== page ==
The chief risk we see to credit conditions in China is a lack of follow-through in terms of improving credit conditions. Current monetary policy appears to favor loosening and credit demand appears to be real, but the recovery of credit conditions ultimately rests on the system's ability to sustain lending.
We agree with Morgan Stanley and other firms that credit conditions have been improving and that China's muted growth recovery could mean further policy easing. Several investment firms have written that if the current positive monetary conditions continue and China credits see supportive technicals and attractive valuations, China credits will become or are already the best opportunity in Asian credit markets today. We caution investors, however, that given the continued systemic risk in the global financial system, e.g. the ongoing issues in the Eurozone, they may want to seriously consider high-quality credits and possibly high-quality property credits as potential investment vehicles.
During this period of uncertainty, investors have shied away from China funds despite fairly robust returns ( 5.15% in September, after China's top economic planners gave approved 13 new highway projects on top of their railway initiative). Investors have redeemed a net $4.1 billion since the end of 2008redeeming just less than $1.6 billion over the last nine months. Year to date through September 30, China funds ( 6.54%) lagged the average return for Lipper's World Equity Funds macro-classification ( 11.46%) by 492 basis points, but for the month of September the China funds classification ( 5.15%) outpaced the World Equity Funds average ( 3.71%).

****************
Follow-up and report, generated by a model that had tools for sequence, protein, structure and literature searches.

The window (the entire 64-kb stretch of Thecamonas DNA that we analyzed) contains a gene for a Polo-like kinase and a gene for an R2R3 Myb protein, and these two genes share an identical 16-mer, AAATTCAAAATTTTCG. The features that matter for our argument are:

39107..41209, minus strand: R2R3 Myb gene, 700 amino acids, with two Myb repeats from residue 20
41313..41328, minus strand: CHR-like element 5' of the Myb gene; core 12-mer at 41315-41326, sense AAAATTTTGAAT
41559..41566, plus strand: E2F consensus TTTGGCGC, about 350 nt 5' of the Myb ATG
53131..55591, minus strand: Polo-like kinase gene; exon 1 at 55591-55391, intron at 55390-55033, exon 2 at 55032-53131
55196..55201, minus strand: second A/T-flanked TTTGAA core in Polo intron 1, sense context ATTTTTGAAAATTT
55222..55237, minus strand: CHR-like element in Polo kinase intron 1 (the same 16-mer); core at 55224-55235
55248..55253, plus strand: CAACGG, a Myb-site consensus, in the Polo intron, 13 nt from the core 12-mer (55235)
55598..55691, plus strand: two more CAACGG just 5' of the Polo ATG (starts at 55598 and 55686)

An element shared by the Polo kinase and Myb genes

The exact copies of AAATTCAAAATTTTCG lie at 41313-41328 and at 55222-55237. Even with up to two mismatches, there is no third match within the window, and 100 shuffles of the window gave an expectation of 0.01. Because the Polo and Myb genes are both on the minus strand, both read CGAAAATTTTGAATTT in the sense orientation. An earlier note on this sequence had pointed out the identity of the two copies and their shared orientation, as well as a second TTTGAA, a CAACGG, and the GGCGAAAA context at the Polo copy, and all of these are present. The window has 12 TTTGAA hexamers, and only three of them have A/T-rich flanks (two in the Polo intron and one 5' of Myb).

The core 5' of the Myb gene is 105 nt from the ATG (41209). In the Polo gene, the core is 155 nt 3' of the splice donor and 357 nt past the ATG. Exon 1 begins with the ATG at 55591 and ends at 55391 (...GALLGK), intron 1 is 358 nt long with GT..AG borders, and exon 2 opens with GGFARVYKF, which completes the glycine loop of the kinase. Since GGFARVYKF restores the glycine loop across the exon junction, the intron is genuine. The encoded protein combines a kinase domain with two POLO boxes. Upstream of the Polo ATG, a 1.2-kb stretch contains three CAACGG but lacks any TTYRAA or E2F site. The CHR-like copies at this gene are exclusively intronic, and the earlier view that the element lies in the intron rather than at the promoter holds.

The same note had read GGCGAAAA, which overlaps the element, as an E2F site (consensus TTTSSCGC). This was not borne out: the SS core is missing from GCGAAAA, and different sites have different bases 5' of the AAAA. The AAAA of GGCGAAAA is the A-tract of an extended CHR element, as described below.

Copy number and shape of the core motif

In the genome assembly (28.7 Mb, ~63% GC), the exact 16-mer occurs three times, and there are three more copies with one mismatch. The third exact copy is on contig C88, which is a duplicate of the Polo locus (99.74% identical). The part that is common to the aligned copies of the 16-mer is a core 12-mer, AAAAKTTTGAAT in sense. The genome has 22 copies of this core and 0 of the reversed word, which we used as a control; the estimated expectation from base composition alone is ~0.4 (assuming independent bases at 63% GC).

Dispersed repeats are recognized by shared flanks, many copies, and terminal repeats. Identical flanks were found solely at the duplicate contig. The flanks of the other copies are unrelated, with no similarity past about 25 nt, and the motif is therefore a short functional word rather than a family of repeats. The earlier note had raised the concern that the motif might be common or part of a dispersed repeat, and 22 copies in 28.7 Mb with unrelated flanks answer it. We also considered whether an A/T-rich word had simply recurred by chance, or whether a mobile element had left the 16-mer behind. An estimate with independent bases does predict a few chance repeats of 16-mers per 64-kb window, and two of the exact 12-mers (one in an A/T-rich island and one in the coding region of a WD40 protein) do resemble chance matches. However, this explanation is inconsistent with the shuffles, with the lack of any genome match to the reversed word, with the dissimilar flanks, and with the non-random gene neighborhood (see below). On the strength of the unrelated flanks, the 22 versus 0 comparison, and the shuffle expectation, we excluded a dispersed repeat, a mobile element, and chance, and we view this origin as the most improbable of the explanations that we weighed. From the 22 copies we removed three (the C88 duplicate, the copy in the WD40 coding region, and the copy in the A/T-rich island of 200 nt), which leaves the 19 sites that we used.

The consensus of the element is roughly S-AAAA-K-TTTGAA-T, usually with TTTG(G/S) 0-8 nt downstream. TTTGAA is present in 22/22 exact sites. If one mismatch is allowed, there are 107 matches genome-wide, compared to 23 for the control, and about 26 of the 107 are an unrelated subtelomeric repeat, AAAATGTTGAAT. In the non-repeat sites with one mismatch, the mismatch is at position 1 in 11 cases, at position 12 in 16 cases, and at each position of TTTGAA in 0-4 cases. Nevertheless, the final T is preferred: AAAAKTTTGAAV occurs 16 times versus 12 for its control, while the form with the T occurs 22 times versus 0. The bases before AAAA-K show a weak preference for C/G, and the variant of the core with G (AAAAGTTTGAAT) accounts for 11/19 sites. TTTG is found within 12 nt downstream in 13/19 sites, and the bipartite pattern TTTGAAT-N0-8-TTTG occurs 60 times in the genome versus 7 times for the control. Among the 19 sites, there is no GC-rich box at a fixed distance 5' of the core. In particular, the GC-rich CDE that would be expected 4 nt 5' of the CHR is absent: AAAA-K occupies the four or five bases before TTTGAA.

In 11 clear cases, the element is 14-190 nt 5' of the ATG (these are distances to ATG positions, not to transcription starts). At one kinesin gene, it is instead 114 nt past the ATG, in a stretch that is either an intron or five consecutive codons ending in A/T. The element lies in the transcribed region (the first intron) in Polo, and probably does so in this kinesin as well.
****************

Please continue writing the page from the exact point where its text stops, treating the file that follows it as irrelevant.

If investors or their advisors believe there are potential buying opportunities, here are three China funds that have performed very well over the last three years, based on their Lipper Leader ratings for Consistent Return and Total Return. They are the iShares MSCI Hong Kong Index Fund (EWH) with an 8.82 three-year return; the GMO Taiwan Fund (GMOTX) with a 9.28 three-year return and the Templeton China World Fund; and Advisor (TACWX) with a 6.44 return.
The China A-share market recently hitting new four-year lows is one of the factors cited by analysts who advise investors to be wary of the sustainability of the current global equity market rally. And it is certainly the case that the Shanghai Composite Index which has broken below the 2100 level. The same analysts argue for a "catch-up" short trade in Hong Kong-listed Chinese property stocks since A-share property stocks have been falling since early July. This also applies to H-share property stocks relative to the overall Chinese market after their substantial outperformance this year. Historically, there has been a very close correlation between the MSCI China Index and the MSCI China Property Index (0.84 since 2006). But this correlation has collapsed this year to -0.07. So, is this a case of caveat emptor?
Andrew Clark is a manager of alternative investment research at Lipper.
Clark has won several awards for his research, most recently from the
World Congress on Engineering and Computer Science in 2011.